A successful author's reputation often guarantees large sales for subsequent books. Parker, Connor (pseudonym of C.W. Gordon), Montgomery, Service and Leacock topped best-seller lists year after year until the 1920s, each new book catering to established tastes. Montgomery's Anne, for instance, with its imaginative use of language and its central character's free spirit and vivid response to nature, portrayed an idealized Canadian childhood that had worldwide appeal. By 1918 more than 750 000 copies had sold in the US; in Japan and Poland Anne is still among the top best-selling books for children.
At the end of WWI R.C. Stead's The Cow Puncher (1918) was very successful in Canada, though not so well-received abroad. The next worldwide best-seller to come from Canada was Mazo de la Roche's Jalna (1927), which portrayed a passionate family in an attractive Ontario setting. By the 1980s, De la Roche's "Jalna" series had sold over 9 million copies.
A huge public in the 1920s and 1930s also enjoyed less elegant Canadian fare: Luke Allan's books, such as Blue Pete: Half Breed (1921); Frank Packard's "Jimmy Dale" stories; and murder stories such as Hulbert Footner's Easy To Kill (1931). These books rivalled the sales of quieter rural idylls like Patrick Slater's The Yellow Briar (1933) and historical novels like Frederick Niven's The Flying Years (1935).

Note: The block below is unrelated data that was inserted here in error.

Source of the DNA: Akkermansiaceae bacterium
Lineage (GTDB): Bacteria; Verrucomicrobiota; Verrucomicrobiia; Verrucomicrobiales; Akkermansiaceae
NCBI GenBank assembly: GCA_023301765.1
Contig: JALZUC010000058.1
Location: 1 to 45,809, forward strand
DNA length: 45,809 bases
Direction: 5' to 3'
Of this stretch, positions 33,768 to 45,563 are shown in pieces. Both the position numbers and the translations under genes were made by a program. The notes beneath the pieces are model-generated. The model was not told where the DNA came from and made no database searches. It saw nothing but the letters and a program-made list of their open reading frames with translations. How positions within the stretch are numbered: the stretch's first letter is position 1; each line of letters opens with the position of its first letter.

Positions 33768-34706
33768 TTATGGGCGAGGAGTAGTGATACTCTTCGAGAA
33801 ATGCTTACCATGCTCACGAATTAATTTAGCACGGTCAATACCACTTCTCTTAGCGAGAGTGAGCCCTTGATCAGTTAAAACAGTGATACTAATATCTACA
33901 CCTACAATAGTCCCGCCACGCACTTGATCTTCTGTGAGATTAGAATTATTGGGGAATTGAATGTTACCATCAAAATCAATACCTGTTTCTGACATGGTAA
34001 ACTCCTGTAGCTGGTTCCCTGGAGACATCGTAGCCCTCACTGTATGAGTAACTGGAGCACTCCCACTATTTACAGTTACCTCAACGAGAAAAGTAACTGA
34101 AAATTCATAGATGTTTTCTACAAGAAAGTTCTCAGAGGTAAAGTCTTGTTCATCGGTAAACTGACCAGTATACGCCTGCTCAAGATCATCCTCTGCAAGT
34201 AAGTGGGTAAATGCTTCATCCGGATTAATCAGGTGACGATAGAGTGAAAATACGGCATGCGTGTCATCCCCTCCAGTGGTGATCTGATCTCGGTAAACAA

History dominated the lists at the beginning of WWII, in Canada as elsewhere. Canadian offerings included F.D. McDowell's Champlain Road (1939); Alan Sullivan's Three Came to Ville Marie (1941); and the more sentimental Thorn-Apple Tree (1942) by Grace Campbell.
No Canadian books had worldwide success after Jalna, however, until Gwethalyn Graham's Earth and High Heaven (1944), a story of family tensions stirred by anti-semitism in wartime Montréal. Ethnic conflicts also form the base of Hugh MacLennan's best-selling novel of 1945, Two Solitudes. Both books sold well in the US despite their Canadian settings, and Graham's book was among the top six on American lists for the year. Morley Callaghan's The Loved and the Lost (1951), with a Montréal setting and interracial conflict, took advantage of the taste established by Graham and MacLennan.